Sunday afternoon provided some time for the team to experience a couple of the local attractions. We opted for a stroll on the boardwalk in Puerto Plata. The scenery was breathtaking and we enjoyed watching the sights of the ocean as we walked and talked. We stopped at an historic fort and leisurely took part in a tour. We learned much about the history of the Dominican from the tour of the fort, and got a glimpse of yesteryear on the island. Sunday night we visited one of the restaurants at the hotel and enjoyed the company of those on our team.

Day 6—Back to Work!

This was our last full day at the medical clinic. There was much work to finish, much cleaning to do, and many children to hold and play with! Our team worked hard and had many creative ideas to get the bus shelter up and functional. Work on the bunk beds was really a team effort and everyone pitched in with these in some way. A couple of the clinic staff (and children) were happy to work with us on the projects and learned some valuable skills along the way.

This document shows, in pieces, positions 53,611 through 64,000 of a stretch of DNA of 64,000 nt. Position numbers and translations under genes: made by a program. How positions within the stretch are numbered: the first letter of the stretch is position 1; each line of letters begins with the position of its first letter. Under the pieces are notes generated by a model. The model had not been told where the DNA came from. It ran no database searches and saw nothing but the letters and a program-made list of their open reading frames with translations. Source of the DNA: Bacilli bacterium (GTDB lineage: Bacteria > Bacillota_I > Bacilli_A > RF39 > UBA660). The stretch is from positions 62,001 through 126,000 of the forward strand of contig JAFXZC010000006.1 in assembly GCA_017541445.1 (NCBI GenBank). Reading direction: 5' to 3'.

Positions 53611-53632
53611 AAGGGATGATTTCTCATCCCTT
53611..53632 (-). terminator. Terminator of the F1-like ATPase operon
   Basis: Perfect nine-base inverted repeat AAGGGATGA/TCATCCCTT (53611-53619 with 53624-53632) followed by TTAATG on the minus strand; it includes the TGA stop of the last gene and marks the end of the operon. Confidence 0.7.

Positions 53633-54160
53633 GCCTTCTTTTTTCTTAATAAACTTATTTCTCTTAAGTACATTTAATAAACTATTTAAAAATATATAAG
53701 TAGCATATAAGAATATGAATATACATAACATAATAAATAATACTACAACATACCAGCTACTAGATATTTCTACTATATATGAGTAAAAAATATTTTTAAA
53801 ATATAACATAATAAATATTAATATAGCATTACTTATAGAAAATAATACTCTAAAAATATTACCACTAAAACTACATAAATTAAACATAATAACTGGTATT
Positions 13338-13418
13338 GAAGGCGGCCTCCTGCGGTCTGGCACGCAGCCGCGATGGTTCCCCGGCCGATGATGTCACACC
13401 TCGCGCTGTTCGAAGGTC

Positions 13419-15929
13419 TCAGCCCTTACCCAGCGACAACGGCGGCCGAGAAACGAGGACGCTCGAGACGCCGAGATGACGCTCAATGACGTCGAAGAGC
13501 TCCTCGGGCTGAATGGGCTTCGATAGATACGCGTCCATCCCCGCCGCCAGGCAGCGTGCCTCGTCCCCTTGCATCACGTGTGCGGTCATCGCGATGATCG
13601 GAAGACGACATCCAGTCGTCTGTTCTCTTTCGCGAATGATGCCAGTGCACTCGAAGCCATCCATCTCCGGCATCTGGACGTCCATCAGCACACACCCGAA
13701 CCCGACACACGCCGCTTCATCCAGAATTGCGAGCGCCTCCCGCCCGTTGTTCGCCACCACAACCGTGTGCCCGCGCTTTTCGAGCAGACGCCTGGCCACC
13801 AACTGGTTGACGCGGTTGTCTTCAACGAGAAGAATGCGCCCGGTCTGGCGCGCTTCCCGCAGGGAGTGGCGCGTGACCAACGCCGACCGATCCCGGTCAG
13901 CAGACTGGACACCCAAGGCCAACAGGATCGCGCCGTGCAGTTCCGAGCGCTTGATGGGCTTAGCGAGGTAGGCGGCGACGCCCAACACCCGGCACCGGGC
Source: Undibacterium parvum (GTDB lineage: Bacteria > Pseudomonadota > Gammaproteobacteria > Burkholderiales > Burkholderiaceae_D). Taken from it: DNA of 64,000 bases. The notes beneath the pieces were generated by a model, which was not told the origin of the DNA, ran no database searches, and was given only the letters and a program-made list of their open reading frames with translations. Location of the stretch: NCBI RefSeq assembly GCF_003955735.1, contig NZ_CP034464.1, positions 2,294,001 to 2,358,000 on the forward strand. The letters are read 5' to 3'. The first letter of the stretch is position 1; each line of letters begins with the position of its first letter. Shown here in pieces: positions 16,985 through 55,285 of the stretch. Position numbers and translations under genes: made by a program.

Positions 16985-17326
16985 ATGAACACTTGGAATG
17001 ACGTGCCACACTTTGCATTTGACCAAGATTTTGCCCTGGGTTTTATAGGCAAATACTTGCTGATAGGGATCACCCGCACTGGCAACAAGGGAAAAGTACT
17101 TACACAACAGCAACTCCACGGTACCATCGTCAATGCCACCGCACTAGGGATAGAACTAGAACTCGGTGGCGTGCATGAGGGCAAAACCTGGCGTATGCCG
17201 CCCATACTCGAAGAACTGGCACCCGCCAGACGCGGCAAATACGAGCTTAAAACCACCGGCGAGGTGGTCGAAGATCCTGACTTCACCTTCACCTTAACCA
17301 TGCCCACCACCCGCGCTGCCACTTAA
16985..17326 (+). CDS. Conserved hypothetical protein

A walk-in clinic was offered almost every morning during the week we were there. After a time of rain, the clinic is usually much more busy. People suffer from cholera from the drinking water. There are also many upper respiratory tract infections from the damp and mould during this time of year.

After a full day’s work at the clinic, we enjoyed a quick swim and an earlier dinner at the hotel. After dinner we gathered at the beach for our regular evening devotions. Sometimes we would sing, and sometimes we would chat about God and the work we were doing in the Dominican. It was wonderful to hear the waves behind us as we connected about our days as a group. There was a certain security guard who had to monitor the beaches at night, and he was witness to each of our nightly devotion times.